No one knows the right age to start carrying a computer in your pocket.
But more than half of 11-year-olds now own a smartphone, according to a recent national survey of more than 1,600 8- to 18-year-olds.
And the trend is on the rise.
“The use of technology in our daily lives is aging down dramatically,” said Eisha Buch, senior manager of education programs at Common Sense Media, the nonprofit organization that led the survey.
And children are mostly using their smartphones to watch YouTube, regardless of the 13-years-or-older-only policy.
Fifty-six percent of 8- to 12-year-olds watch videos every day, up from 24% in 2015, and the average time spent watching has roughly doubled to just under five hours a day, according to the report.
“We’re concerned about how the content takes kids down paths that offer bad information,” Buch said.
While usage increases and the age of smartphone ownership decreases, education and guidelines about how to navigate the online information they’re exposed to has yet to catch up. The technology used in elementary classrooms is mostly limited to course work and testing, and largely ignores media literacy.
Another recent study by the Pew Research Center revealed that adults felt fake news was more pressing than issues like terrorism, racism, and sexism.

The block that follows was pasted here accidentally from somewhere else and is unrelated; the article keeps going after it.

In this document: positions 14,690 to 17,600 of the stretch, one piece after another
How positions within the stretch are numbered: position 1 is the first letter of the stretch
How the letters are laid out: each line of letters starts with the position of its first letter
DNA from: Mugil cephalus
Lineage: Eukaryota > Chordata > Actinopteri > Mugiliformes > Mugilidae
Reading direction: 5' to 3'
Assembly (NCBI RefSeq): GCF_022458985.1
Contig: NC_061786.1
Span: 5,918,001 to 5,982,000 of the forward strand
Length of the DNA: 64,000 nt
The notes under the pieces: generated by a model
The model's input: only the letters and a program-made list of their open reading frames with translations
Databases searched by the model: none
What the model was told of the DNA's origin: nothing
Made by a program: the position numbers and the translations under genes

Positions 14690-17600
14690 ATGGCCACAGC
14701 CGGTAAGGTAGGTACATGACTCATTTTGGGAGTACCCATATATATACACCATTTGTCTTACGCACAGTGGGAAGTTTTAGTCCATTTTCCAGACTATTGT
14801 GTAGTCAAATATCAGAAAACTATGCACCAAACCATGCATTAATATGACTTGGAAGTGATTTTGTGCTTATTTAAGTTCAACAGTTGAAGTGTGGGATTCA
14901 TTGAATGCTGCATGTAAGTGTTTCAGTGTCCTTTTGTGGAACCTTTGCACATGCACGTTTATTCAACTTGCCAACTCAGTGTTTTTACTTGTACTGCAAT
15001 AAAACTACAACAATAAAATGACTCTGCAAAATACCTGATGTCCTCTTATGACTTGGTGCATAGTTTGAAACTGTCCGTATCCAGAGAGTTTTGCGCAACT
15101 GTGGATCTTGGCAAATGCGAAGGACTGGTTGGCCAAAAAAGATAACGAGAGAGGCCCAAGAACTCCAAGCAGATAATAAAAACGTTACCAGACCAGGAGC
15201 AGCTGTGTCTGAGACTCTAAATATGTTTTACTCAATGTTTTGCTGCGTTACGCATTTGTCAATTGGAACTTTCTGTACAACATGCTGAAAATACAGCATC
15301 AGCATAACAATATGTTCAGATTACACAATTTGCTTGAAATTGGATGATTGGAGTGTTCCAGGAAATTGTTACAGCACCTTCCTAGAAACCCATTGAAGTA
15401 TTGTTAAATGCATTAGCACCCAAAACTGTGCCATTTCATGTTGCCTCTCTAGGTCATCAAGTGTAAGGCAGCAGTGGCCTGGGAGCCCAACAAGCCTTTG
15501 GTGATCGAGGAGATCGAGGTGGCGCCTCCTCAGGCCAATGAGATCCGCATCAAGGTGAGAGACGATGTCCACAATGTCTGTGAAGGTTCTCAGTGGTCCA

So how do children learn to be what Buch calls “responsible digital citizens” and differentiate what’s real from what’s not, before commenting, sharing or perpetuating questionable online information in real life?
Buch consults with and trains teachers and school leaders about guidelines surrounding such concerns, and organizations like Common Sense Media are working to spread a culture of digital responsibility. In the meantime, the bulk of the work has to come from parents and caretakers.
“It does take a community approach to be effective. We want it coming from home and school, so it’s being reinforced from everywhere,” she said.
And to answer the popular question: What’s a good age to give my child a smartphone?
Buch said, “We don’t have a magic number, but it depends on what the need is, and whether it feels appropriate. When it happens, we just encourage guidelines and open dialogue about how to use it.”
Tips for parents of young children who love the channel are encouraged to do the following:
- Ask your kids what they’re watching. Join them.
- Check their watch history. If they have a YouTube account, which only requires a Gmail address, their YouTube page will show recently watched videos. Even if they delete it, the recommended videos will be related to what they’ve watched.
- Research the creator of the video. Their name is beneath the video window and usually has information about them. Google the creator’s name to find out more.
- YouTube comments are often negative, but reading them can reveal the channels’ demographics and more. Channel creators can moderate the comments, and a tasteful comments section may point to a more responsible creator.
- Nurture critical thinking skills.
This story comes from Aspirations Journalism, an initiative of The Patterson Foundation and Sarasota Herald-Tribune to inform, inspire, and engage the community to take action on issues related to Age-Friendly Sarasota, Suncoast Campaign for Grade-Level Reading, National Council on Aging and the Suncoast Nursing Action Coalition.